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Digital Learning for the Younger Set

Written by Elyse Eidman-Aadahl
June 01, 2012

Across the nation and the political spectrum, Americans are calling for dramatic improvement of public education. At the same time, the country is in an era of scarce funding for new initiatives. In this context, the Joan Ganz Cooney Center released its Take a Giant Step report which identifies a timely opportunity and challenge: By integrating emerging digital technologies into education and lifelong learning for all professionals, beginning with teachers of children aged 3 through 8, we can establish a cost-effective and productive pathway for learning in the 21st century.

Across the nation and the political spectrum, Americans are calling for dramatic improvement of public education. At the same time, the country is in an era of scarce funding for new initiatives. In this context, the Joan Ganz Cooney Center released its Take a Giant Step report which identifies a timely opportunity and challenge: By integrating emerging digital technologies into education and lifelong learning for all professionals, beginning with teachers of children aged 3 through 8, we can establish a cost-effective and productive pathway for learning in the 21st century.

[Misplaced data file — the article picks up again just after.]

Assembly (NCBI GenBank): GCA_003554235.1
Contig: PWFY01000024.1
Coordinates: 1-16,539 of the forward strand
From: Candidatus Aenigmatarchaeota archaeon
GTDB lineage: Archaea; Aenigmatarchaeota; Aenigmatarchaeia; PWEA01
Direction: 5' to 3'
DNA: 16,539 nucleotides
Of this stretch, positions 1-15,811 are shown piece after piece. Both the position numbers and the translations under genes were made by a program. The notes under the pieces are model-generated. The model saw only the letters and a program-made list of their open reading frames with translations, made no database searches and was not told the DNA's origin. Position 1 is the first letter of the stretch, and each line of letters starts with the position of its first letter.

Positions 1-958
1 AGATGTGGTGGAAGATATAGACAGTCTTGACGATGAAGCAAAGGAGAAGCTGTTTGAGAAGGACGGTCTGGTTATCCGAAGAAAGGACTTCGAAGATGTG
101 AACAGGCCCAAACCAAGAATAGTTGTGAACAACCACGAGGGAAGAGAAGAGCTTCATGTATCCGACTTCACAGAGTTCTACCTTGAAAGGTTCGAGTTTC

They argue that this approach is timely because years of education reform efforts have established a current policy environment where the following key factors are present:


  • a core of common standards emphasizing 21st century skills and increased curricular depth;

  • legislatively enforced accountability for student outcomes, which provides the needed leverage for reform;

  • progress in developing improved assessments to test higher-level skills along with fundamental knowledge;

  • an increased commitment to learning in early childhood in the nation’s policy and business sectors as a result of new infrastructure and greatly expanded investment;

  • incentives for states to develop comprehensive plans that include improved teacher preparation and professional development; and

  • evolving digital technologies and a wealth of public media assets that create new possibilities for transforming teaching and learning.



The report was authored by Brigid Barron, Laura Bofferding, Gabrielle Cayton-Hodges, Carol Copple, Linda Darling-Hammond and Michael H. Levine, and was sponsored by The Joyce Foundation.
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